According to Lamster IB and Pagan M, the metabolic syndrome (MetS) that is a spectrum of conditions that include dysglycemia, visceral obesity, atherogenic dyslipidemia (high triglycerides and low levels of high-density lipoprotein) and hypertension are associated with periodontal disease. They believe that this relationship is the result of systemic oxidative stress and an exuberant inflammatory response. Evidence suggests that periodontal therapy may reduce serum levels of inflammatory mediators so periodontitis treatment could become part of the metabolic syndrome therapy [6]. Among the various types of periodontitis, one of the less studied ones is aggressive periodontitis. The manifestations of aggressive periodontitis in young people have many controversial sides and consequently, the present study proposes to look for some clarifications regarding the aspects of the pathology


For this narrative review, the database searching was performed on PubMed and Scopus using the following keywords: “prepubertal periodontitis, aggressive periodontitis, periodontitis in children, periodontal disease in children and adolescents, early-onset periodontitis”, the investigation then focused on evaluating the specific aspects of aggressive periodontitis in children, consequently the following words have been introduced: “epidemiology, classification, progression, treatment, diagnosis”. Clinical and laboratorial studies were taken into consideration as well as literature reviews. The last database search was performed in September 2019.


Aggressive periodontitis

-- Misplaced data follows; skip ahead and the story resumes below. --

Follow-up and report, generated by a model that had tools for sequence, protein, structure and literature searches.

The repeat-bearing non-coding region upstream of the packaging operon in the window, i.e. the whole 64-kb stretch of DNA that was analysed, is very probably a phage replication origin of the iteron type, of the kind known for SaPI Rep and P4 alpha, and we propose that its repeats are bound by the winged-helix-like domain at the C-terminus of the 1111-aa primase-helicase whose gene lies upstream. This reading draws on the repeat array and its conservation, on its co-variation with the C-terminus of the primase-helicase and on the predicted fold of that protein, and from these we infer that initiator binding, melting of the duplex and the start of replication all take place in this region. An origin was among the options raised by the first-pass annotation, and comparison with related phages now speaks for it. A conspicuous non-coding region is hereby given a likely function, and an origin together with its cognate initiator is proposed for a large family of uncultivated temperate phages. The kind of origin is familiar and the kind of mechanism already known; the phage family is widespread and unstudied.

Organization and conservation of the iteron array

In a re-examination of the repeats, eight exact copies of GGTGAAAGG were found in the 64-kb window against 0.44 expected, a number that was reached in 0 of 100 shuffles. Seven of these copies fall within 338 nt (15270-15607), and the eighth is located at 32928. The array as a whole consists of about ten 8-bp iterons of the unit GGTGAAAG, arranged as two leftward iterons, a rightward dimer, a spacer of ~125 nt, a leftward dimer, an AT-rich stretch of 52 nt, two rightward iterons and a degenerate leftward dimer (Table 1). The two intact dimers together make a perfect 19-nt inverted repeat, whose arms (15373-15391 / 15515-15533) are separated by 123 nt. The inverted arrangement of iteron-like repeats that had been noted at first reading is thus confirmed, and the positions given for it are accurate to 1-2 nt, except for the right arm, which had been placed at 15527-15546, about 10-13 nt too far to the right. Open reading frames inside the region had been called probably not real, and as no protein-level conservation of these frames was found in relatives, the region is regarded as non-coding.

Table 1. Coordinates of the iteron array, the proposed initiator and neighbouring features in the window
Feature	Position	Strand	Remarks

Aggressive periodontitis can occur in several forms that is linked to a few dental sites or in a generalized sense. The first form usually affects smaller subjects and is connected to lesions of the first molars or incisors or both in the presence of little plaque and tartar, and the second form concerns post-puberty subjects with more permanent teeth. Very often, if left untreated, the localized forms evolve into general forms with the risk of a total compromise of the dental apparatus. Sometimes the signs of inflammation are not so easily detectable, which is why a child or teenager on the first visit should always be subjected to a more in-depth analysis by using probes to detect probing depth and radiological investigations. There are some mechanisms that regulate evolution in the various age groups, and the different anatomies and physiologies can modify the development of periodontitis. In particular, there are many structural inequalities between adults and children. The gingiva in the young is more vascularized, has less connective tissue around the deciduous teeth, the epithelium is thinner and less keratinized, characteristics that can expose to less defense to attacks bacterial. It can be said that a child, due to its thinness of tissues, is more exposed to risk and moreover a greater vascularization allows an easier transit of inflammation mediators and bacteria [7]. The typical signs that indicate the presence of a problem and that should alarm the parents are bleeding gums during home hygiene practices, swelling, halitosis accompanied by any recessions. Evidence shows that periodontal disease may increase during adolescence due to lack of motivation to practice oral hygiene but also due to changes related to puberty. Hormones such as progesterone, estrogen and testosterone cause greater blood circulation, greater sensitivity and greater response to any irritation, the gengiva are often red and swollen. Hormones are molecules with specific regulatory abilities and have powerful effects on the main determinants of development and on the integrity of the skeletal cavity including periodontal tissues [8].